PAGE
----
New traffic signal system to save time on the road

Traffic light system

Some new technology could save you time on the road. It's a new traffic signal system that could be implemented into roads and intersections.

No one wants to spend their time waiting at a red light. It's that simple fact that is at the center of Ben Faust's presentation to the Regional Transportation Planning Organization.

Faust is with an engineering firm called DRMP.

The state's asked them to look at roads in Escambia and Santa Rosa Counties, to see if the area can benefit from something called an "advanced traffic management system."

Faust believes it can. "We're talking probably system wide 25% improvement in efficiency," he said.

That means minutes saved on your drive time.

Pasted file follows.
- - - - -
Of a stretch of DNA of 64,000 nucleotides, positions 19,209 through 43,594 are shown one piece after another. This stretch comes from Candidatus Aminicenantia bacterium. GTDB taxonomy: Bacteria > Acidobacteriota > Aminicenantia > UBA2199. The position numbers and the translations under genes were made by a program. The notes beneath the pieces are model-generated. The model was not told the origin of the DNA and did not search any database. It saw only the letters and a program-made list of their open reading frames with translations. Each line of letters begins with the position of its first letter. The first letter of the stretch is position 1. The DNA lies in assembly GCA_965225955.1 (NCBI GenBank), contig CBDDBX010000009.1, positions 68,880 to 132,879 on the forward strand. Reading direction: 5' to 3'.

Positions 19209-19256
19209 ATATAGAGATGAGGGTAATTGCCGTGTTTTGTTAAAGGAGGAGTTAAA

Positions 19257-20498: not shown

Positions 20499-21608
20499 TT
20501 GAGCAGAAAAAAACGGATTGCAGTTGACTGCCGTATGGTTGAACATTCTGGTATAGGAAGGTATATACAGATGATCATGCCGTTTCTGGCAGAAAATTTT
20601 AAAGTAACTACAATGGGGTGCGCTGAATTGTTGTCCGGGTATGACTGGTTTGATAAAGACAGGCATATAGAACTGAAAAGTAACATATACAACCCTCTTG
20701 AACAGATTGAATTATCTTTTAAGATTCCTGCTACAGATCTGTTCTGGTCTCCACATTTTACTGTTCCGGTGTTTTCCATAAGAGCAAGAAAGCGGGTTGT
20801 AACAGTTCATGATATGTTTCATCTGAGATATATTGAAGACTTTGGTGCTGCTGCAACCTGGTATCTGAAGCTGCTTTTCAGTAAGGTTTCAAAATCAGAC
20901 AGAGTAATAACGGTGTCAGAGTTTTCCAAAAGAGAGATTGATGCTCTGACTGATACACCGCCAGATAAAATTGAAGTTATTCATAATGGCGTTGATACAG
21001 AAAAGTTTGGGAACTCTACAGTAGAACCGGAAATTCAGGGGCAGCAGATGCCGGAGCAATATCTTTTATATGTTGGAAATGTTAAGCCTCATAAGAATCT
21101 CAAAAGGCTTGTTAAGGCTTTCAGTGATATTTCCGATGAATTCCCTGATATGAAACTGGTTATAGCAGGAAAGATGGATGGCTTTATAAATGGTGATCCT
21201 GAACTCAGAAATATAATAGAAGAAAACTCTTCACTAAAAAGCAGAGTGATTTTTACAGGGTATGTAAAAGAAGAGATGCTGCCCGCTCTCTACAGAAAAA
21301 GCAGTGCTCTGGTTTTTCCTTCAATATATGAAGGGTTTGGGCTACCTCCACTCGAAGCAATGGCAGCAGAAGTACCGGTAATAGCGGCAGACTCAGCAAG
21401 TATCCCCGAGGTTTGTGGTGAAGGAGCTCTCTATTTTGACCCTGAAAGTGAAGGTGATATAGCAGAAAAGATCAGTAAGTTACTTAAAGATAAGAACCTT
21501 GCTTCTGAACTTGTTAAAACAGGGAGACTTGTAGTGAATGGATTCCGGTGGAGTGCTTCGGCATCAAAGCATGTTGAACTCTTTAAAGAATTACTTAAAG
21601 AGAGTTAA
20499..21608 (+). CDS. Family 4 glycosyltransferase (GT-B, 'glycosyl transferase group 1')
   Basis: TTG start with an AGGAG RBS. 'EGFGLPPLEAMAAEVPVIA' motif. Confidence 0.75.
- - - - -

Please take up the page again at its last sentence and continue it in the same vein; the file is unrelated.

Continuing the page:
Here's how the system works: The amount of traffic on certain roads changes throughout the day, but the programming of traffic lights, doesn't always take that into account. So the idea is to connect all traffric lights through a central command center that can monitor traffic and accidents and re-time lights at intersections as needed.

That's happening now at some intersections in town, though on a limited scale.

Faust said, "What we're looking at now is a full footprint, hopefully we'll touch all 362 signals in the region."

There is no timeline when or if that will happen. And it won't come cheap.

Aside from a traffic infrastructure overhaul, the system may need construction of a new command facility.

It's all priced at nearly $50 million, though there is a chance the state could foot the bill.

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